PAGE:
Salzburg’s own great local cellist Clemens Hagen joined guest conductor Constantinos Carydis and the orchestra for Schotakowitsch‘s cello concerto. Together, they depicted a desolate Russian wasteland, where every soul struggles to survive life in the Evil Empire. Schostakowitsch’s own signature notes D-S-C-H permeated the whole score, pushing forwards as those around him had been liquidated by the brutal regime. Here he was defiant, but kept his head down: soloist and orchestra were never over-bearing, and kept their performance almost restrained, and with an edge to it that Russian performers would understand. The meaning was clear. The principal hornist sat amidst the viole to engage Hagen in more dialogue: was he hiding there as a spy, or was he simply a trusted friend out of place? The music kept this ambiguous, indeed as life must have been in the Soviet Union, or indeed Russia today.
On an ominous note, in the middle of the slow movement a member of the bass section collapsed on stage. The music stopped while he was carried off, and then the movement started over. After the intermission they announced that he had merely fainted and was fine, but the optics added to the somber mood. Hagen tried to cut this with a somewhat more up-beat encore, which sounded like it may have been Bach, but really we needed nothing else.
The Mahler first symphony after the intermission was a bit anti-climactic. The first movement launched with a certain dynamism. But then Carydis decided to insert the so-called “Blumine” movement – the bit Mahler extracted from an earlier work he had ripped up and inserted here, only to decide almost immediately that it didn’t belong here either and so he removed again. When the Norrköpingers performed this symphony here last month, they gave us the “Blumine” movement as an encore and made it work as a stand-alone fragment, but inserting it here demonstrated why Mahler rejected it. This reading was less compelling and also sapped the emotion and drive from the entire symphony. When the usual second movement (now third) came along, the orchestra had not quite recovered from the pointless diversion. For the rest of the symphony, Carydis tried to re-capture the initial dynamism by modulating the volume, keeping some passages unnaturally quiet and then exploding in others. The orchestra responded well, but I still wonder what they might have done had they not lost the momentum in the “Blumine.”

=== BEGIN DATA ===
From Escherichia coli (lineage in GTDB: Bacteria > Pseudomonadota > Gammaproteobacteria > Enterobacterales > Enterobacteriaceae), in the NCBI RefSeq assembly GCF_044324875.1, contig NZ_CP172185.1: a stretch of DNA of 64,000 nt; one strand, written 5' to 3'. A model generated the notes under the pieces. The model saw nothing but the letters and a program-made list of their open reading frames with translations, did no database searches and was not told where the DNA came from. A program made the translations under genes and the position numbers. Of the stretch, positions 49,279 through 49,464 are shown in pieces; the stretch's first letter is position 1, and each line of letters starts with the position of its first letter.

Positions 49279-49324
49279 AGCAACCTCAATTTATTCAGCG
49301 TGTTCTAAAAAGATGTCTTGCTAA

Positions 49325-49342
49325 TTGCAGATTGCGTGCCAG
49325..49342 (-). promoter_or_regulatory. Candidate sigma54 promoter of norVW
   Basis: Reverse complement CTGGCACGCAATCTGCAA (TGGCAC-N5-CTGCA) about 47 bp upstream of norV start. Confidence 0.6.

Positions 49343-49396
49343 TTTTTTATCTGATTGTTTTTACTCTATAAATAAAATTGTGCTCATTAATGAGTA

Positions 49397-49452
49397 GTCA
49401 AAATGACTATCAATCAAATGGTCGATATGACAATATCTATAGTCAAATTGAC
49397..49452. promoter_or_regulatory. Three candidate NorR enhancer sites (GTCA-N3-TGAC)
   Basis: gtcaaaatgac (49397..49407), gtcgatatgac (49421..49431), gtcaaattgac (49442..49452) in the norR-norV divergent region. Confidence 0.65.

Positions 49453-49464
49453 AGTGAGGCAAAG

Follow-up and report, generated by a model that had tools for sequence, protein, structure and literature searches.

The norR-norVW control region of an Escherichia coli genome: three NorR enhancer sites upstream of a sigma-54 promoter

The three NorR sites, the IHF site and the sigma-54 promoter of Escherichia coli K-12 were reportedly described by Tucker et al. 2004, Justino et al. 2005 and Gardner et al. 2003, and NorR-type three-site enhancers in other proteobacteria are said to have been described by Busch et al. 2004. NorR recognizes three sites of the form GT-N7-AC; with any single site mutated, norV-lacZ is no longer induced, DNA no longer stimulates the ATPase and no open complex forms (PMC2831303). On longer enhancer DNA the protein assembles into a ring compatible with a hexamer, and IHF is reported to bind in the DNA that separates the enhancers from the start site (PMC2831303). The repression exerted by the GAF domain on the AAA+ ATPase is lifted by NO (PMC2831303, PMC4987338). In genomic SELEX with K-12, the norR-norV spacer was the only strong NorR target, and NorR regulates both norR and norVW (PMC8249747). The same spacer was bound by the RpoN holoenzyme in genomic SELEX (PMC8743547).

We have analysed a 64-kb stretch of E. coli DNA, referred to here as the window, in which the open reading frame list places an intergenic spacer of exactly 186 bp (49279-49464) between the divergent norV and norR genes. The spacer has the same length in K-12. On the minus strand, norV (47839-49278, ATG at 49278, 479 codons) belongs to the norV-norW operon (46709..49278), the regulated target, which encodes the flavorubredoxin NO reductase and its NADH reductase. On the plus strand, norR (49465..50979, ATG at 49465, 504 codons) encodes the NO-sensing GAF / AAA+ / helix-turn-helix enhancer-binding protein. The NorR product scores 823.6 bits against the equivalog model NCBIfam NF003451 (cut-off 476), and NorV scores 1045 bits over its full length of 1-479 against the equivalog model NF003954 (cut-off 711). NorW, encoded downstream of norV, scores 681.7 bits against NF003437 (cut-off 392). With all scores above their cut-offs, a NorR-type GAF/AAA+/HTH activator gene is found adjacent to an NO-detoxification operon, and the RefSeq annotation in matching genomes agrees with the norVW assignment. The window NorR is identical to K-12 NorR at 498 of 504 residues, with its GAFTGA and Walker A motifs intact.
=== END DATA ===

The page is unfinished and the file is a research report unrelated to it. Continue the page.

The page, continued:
Tschaikowsky, Bach, Elgar
Back to the Great Festival House for the third night in a row – but this time a different orchestra, the Stuttgart Philharmonic on the stage, under Israeli-American conductor Yoel Gamzou. The concert was merely OK – far less rewarding than the Norrköpingers who appeared the previous two nights.
The first half of the concert featured Russian violinist Andrey Baranov, who may be the first Russian I have heard who seems not to get the Tschaikowsky violin concerto. He came out with a halfway sugary tone (not quite all the way in that direction, but still a bit too much), which contrasted – actually, more conflicted – with the orchestra’s harder edge. Indeed the orchestra sounded more authentically Russian than Baranov. After the first movement, Baranov and Gamzou conferred briefly with each other, which seems to have resulted in Baranov trying something different for the second and third movements – trying to achieve a more striking sound, however, Baranov was not quite authentic to himself, and still did not quite mesh with the orchestra although Gamzou clearly also tried to make adjustments.